The last thing Saki Yamamoto wants to do for her summer vacation is trade in exciting Tokyo for the antiquated rituals and bad cell reception of her gThe last thing Saki Yamamoto wants to do for her summer vacation is trade in exciting Tokyo for the antiquated rituals and bad cell reception of her grandmother's village. Preparing for the Obon ceremony is boring. Then the local kids take an interest in Saki and she sees an opportunity for some fun, even if it means disrespecting her family's ancestral shrine on a malicious dare. But as Saki rings the sacred bell, the darkness shifts. A death curse has been invoked... and Saki has three nights to undo it. With the help of three spirit guides and some unexpected friends, Saki must prove her worth - or say good-bye to the world of the living forever.
The Night Parade is rich with mythology and magic, with mystery and problem-solving.
At the beginning of the book, Saki comes across as a spoiled 13-year-old girl. She's more worried about her friends in Tokyo and what fun she's missing out on than her grandmother's health, than the customs and rituals that come with the Obon ceremony. Than the shrine in the mountains behind her grandmother's house. She's hard to like because of her dismissive, apathetic attitude. She's also confusing in that she wants to be back in Toyko with her friends but acknowledges repeatedly that she's tired of them, that they're really bullies. She skated the line between annoying and normal teen girl trying to fit in with friends and not spend her school days alone and bullied.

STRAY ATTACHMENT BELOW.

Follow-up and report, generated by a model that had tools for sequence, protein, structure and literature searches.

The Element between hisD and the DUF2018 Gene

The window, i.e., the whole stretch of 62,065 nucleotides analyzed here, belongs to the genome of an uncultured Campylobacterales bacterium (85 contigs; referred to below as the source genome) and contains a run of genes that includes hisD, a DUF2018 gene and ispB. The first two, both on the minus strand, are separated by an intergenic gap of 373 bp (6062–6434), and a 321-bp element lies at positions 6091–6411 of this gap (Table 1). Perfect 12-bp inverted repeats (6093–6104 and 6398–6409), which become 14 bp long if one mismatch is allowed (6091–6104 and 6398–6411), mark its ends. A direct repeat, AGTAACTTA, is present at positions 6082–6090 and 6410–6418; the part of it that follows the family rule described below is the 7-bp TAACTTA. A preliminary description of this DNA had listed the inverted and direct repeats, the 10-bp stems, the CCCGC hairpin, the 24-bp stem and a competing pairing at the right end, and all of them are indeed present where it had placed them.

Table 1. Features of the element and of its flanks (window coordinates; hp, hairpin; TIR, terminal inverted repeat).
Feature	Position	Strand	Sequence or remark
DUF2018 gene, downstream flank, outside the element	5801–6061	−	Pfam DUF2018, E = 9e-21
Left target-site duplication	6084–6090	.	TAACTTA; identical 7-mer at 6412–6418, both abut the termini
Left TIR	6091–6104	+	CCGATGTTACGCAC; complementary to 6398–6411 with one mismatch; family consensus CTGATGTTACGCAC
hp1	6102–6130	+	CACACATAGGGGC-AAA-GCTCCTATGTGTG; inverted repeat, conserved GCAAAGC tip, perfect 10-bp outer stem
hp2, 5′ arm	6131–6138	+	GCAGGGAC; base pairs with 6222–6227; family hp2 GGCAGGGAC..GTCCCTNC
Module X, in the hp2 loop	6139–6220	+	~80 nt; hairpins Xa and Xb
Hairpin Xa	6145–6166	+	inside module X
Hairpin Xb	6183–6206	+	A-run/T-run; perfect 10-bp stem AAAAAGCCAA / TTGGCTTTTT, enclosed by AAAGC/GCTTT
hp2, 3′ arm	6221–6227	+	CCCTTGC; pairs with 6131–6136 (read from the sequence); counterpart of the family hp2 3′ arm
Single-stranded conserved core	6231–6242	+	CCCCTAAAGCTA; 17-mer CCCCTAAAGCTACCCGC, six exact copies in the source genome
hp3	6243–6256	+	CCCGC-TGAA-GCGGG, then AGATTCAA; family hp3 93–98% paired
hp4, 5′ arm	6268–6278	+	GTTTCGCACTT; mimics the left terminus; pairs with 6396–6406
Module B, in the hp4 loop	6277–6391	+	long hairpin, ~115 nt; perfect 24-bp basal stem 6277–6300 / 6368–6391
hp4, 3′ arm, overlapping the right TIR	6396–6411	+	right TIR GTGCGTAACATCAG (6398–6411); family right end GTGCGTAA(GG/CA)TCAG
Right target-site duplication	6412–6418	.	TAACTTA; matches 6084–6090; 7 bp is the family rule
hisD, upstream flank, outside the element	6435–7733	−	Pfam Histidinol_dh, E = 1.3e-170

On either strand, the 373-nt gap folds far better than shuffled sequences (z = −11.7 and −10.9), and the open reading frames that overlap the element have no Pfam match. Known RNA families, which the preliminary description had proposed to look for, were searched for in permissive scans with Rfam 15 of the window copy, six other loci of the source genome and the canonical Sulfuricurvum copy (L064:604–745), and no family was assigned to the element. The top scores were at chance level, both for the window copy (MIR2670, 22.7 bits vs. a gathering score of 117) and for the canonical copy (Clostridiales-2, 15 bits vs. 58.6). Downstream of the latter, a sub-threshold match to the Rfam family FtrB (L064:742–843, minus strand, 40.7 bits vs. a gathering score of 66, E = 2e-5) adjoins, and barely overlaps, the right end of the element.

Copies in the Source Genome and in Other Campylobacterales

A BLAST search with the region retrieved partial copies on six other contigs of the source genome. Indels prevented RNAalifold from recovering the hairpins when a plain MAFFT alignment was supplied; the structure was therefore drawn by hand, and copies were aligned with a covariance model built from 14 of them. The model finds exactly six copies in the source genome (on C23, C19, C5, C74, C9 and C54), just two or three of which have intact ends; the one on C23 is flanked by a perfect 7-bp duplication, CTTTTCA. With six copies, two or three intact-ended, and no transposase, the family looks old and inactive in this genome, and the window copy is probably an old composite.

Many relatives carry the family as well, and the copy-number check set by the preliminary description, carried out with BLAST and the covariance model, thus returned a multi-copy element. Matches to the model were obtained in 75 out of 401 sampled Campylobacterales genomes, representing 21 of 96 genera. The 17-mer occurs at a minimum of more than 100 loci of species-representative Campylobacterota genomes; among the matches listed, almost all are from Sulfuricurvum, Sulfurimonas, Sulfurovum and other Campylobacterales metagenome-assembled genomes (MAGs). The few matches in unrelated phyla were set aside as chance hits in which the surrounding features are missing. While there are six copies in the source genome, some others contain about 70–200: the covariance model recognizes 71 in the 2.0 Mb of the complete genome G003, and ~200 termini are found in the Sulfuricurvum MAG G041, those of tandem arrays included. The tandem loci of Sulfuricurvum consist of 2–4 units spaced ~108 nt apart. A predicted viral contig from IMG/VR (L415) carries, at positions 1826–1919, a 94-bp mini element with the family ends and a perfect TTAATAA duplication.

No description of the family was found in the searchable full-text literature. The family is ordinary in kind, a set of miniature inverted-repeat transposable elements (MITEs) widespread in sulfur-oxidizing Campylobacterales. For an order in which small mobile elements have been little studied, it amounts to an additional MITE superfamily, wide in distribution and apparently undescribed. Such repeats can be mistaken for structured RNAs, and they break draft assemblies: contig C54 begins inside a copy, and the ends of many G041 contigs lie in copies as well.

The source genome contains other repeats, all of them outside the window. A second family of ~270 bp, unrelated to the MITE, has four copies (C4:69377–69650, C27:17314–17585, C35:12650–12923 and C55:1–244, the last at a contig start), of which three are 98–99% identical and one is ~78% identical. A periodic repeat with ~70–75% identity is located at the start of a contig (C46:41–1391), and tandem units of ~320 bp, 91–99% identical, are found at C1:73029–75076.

The story itself is filled with Japanese customs, mythology, and magic. Of spirits and witches, of shrines and spirit guides and curses. It's so dense with story, with situation and situation that Saki is pulled into because of her initial mistake, because of her carelessness. But one thing bugged me. I loved how the tanuki was called a tanuki, how the tengu was called a tengu, how the Japanese names for a number of spirits and items were used, but not all of them. The kitsune was called a fox and the orge with its large club wasn't called an oni with a kanabo. The inconsistency bothered me (as this is a review of an e-galley, I wonder if this has been changed in the final copy).
I like how this book is set in Japan with, while written in English, the characters speaking Japanese. The Japanese words weren't in italics, which was surprising to see. For a book about a Japanese girl in Japan falling in with the local spirit world, the lack of italics made the book feel more authentic. But there were some inconsistencies, like with the use of fox instead of kitsune, and why Saki would refer to her parents as Mom and Dad instead of the Japanese terms. The story itself also felt rather long for a middle grade book. I would recommend this to those looking for more middle grade set outside of North America, for those looking for magic and fantasy but set in the real world, and those looking for more diverse middle grade stories.